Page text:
Brannigan is a British-made film that just about allows Duke Wayne to carry off a tough-guy role at 68. He’s helped by a great supporting cast as well as superb backdrops of London: another time-capsule film.
Directed by Douglas Hickox, Brannigan afforded Wayne the chance to ape the Clint Eastwood style (he had turned down Dirty Harry) and allows a fresh twist by transporting his unchanging cowboy act to Blighty: a horse-wrangler out of water as it were... There are repeated moments in the film which play on this from attempts to get Brannigan to not carry his gun and to follow native procedures. There’s also a nice running contest between the character and his British counterpart, Commander Sir Charles Swann (Richard Attenborough) which plays up every known cliché about the “special relationship”.
|Judy Geeson and Duke|
Lieutenant James Brannigan is a Chicago cop who has his own way of doing thing but (you guessed it…) he gets results. He’s tracking down one particularly nasty crime lord, Ben Larkin (John Vernon), who has been caught trying to flee to England. Somewhat against his will – and to the audience’s delight – Duke…sorry, Brannigan is sent to bring him back. Somehow we sense that it’s not going to be quite that simple… and the old dog’s unconventional methods will be all the more so in London Town…
|Mel Ferrer and John Vernon|
|James Booth and Del Henney keep watch|
But there are some lively police-procedurals as Brannigan and co set about scaring the truth out of the likes of Brian Glover and Tony Booth (Cherie’s dad) not to mention the far less threatening Tony Robinson – “look kids it’s Baldric!”, “Who?”, “Er… the guy out of Time Team!”, “Oh yeah…”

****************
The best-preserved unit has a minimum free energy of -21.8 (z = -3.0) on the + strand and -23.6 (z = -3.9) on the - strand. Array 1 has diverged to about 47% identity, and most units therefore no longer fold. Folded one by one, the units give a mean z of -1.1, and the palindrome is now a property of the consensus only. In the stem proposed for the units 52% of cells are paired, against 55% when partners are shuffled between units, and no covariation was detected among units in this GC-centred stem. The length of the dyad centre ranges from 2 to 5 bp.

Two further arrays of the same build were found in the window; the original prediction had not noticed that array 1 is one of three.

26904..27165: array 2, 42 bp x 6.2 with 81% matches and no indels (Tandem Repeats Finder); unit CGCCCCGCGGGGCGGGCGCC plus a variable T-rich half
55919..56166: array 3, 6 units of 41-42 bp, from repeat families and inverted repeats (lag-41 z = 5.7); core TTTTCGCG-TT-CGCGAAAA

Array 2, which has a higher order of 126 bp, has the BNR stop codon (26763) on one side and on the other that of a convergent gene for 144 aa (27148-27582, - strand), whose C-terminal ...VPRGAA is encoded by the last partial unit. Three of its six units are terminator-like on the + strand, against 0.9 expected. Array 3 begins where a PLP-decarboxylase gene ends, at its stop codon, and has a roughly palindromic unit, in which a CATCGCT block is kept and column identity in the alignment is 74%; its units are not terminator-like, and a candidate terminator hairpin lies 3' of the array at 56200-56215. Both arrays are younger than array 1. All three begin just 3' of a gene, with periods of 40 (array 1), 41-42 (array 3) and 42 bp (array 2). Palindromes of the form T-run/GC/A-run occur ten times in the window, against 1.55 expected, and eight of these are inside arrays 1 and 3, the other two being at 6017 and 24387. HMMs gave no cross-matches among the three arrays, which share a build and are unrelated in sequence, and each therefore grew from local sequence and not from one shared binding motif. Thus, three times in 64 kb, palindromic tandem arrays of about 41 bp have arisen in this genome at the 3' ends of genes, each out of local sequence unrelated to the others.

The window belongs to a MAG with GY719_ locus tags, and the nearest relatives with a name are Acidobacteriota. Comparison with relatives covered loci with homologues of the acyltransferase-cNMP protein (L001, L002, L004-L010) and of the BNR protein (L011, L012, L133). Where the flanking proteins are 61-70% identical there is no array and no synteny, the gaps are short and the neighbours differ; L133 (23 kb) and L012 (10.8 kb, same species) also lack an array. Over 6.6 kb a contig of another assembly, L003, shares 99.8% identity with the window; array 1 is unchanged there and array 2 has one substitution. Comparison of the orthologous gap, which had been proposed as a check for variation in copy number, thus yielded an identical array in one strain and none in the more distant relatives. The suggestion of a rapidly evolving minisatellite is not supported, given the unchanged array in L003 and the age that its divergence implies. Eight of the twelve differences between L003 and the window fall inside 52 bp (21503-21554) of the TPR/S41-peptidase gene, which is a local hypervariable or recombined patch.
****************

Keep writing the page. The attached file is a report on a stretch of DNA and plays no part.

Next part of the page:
|John Wayne and Tony Robinson|
There’s also a classic bar brawl at a pub in Leadenhall Market in which Attenborough joins Wayne in slugging it out on that violent but harmless way of every good-humoured scrap since The Quiet Man: glassing with a smile and mutually respectful manliness all round.
|Leadenhall Market shake-down|
|Jaguar E-Type on the attack|
The plot is well constructed as the main elements race to a satisfying conclusion as the double-crossing crosses over itself in the inevitable deserted offices of decaying docklands (probably now the home of gastro pubs and luxury flats).
Wayne still convinces and went on to make Rooster Coburn next, one of his better late period films. When I was younger I was less generous to his attempts to stay in the game but this was all he knew, from being an extra in silent films he worked for over 50 years in cinema.
Dusty verdict: Worth watching for the cars and the streets of 1974. There’s also a host of great British acting talent including cameos from Don Henderson and Lesley Anne Down. You can get the very reasonably-priced DVD here.
A couple of years later, The Squeeze showed a sleazier and more realistic side to London’s criminal classes, followed by others, but Brannigan helped keep the British crime flick alive at a time of struggle.
|Lesley Anne Down|
|Brian Glover meets Duke|